1. This site uses cookies. By continuing to use this site, you are agreeing to our use of cookies. Learn More.
  2. Hi Guest, welcome to the TES Community!

    Connect with like-minded professionals and have your say on the issues that matter to you.

    Don't forget to look at the how to guide.

    Dismiss Notice

Dear Tom - random

Discussion in 'Behaviour' started by adelady, Apr 21, 2011.

  1. How old is this child? It does make a difference. Has his hearing been checked?
     
  2. Tom_Bennett

    Tom_Bennett Occasional commenter

    There are so many internal causes that could express themselves as this behaviour that it's hard to know where to start:
    Excellent idea, above: can he hear properly? You never know, this might be that simple.
    That said, if he makes random outbursts, it doesn't sound likely. He could be somewhere on the spectrum of autism; unable to comprehend degrees of inappropriacy, the feelings of others, or the difference between experiencing a thought and deciding to express it. If so, that could explain why, even after a long discussion about the whale's feelings, he still can't get his head round why it matters.
    Before we start blowing whistles for medical diagnoses, we should also consider the possibility that there's nothing wrong with him as such, other than displaying extreme spectrum behaviour centred round inappropriacy and social conduct. After all, being a little eccentric or different to the norm isn't, by itself, a condition. He might simply be stubborn, a little rude, and egocentric, or even a latent genius, without having something that the ed psych could put a label on.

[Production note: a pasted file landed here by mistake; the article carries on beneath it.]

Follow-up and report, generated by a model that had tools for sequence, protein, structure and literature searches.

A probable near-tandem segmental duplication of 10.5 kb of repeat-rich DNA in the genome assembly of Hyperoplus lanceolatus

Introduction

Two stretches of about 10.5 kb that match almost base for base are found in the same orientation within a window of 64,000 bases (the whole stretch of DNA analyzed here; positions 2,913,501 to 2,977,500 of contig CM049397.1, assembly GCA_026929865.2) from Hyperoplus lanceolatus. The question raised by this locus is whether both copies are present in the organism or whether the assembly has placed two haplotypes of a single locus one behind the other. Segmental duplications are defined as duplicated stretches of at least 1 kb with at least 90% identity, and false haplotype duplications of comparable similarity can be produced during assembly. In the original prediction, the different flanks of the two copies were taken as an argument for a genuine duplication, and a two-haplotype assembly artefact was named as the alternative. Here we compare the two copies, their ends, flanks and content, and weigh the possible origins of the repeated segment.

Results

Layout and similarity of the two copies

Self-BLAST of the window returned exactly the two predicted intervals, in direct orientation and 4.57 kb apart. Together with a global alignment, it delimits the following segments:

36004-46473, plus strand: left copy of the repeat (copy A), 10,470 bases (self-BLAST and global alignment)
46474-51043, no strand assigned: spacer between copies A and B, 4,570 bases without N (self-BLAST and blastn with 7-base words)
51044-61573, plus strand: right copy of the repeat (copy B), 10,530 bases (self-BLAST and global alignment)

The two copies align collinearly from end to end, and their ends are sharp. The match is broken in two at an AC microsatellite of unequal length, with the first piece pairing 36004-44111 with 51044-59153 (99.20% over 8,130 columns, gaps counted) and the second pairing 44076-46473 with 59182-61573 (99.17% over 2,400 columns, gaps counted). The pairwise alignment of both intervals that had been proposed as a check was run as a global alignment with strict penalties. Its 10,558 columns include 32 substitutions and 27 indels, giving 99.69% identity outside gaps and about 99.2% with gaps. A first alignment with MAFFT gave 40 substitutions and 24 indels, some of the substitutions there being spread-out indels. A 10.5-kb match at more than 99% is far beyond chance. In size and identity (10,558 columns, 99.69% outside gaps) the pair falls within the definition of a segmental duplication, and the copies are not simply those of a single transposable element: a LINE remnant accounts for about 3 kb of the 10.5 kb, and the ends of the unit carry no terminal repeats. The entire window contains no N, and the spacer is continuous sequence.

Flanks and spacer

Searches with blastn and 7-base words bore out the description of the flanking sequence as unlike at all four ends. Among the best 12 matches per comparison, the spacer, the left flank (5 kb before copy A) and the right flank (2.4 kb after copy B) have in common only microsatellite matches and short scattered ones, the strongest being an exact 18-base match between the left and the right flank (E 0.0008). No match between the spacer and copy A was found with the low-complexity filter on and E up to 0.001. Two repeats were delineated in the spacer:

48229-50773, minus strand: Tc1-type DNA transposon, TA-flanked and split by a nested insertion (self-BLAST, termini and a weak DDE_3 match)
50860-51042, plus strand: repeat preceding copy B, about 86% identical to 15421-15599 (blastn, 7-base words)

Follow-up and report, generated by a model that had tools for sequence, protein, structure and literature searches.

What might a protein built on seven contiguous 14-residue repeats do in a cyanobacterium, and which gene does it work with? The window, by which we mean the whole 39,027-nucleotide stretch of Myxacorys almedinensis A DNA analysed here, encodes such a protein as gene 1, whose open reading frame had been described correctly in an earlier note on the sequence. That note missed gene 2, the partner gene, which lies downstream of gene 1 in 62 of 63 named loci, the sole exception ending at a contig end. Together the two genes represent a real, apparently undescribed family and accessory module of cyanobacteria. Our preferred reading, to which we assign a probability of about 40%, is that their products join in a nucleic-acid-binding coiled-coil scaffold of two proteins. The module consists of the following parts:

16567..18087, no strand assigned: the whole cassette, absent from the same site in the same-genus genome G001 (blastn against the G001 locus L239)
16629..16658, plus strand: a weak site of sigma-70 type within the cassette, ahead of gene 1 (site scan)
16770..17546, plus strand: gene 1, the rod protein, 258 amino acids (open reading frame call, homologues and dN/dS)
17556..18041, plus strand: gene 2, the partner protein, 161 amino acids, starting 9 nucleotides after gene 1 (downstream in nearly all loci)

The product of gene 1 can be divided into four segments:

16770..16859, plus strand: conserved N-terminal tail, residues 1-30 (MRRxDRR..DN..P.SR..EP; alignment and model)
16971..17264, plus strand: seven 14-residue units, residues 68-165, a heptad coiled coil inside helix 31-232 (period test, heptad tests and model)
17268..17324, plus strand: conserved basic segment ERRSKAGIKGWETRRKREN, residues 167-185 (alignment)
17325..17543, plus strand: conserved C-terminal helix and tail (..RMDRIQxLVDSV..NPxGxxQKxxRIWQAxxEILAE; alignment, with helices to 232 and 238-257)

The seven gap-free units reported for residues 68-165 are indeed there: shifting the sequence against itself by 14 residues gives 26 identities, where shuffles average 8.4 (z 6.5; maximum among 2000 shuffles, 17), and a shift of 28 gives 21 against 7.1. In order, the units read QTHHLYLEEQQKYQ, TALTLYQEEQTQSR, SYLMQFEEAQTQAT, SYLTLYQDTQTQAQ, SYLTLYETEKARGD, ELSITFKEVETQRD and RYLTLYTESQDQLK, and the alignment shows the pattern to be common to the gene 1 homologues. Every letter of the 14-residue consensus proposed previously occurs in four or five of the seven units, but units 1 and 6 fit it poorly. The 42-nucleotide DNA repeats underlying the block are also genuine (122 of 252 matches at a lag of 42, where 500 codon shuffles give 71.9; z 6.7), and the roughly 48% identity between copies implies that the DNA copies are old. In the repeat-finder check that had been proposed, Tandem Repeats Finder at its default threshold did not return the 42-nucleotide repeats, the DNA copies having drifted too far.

That said, he might. In either circumstance, have him assessed by an Ed Psych in case there is something serious underlying this behaviour. The danger is that something normal gets medicalised and treated like an illness. But that's a risk that might be worth taking, in case something real gets ignored and allowed to prosper.
    Have you spoken to the parents about this? Have they had him evaluated in any way?
    Good luck
    http://behaviourguru.blogspot.com/
     
  3. I'm no pro at SEN but this behaviour sounds very similar to a child in my yr3 class for whom we are seeking a statement of ADHD.
     
  4. No expert here either, but my daughter has aspergers and this is a common symptom. However, I also experience her friends doing this from time to time, as just part of their age. Are there any other things that stand out about this little person; their socialisation and interaction with peers, etc?
     

Share This Page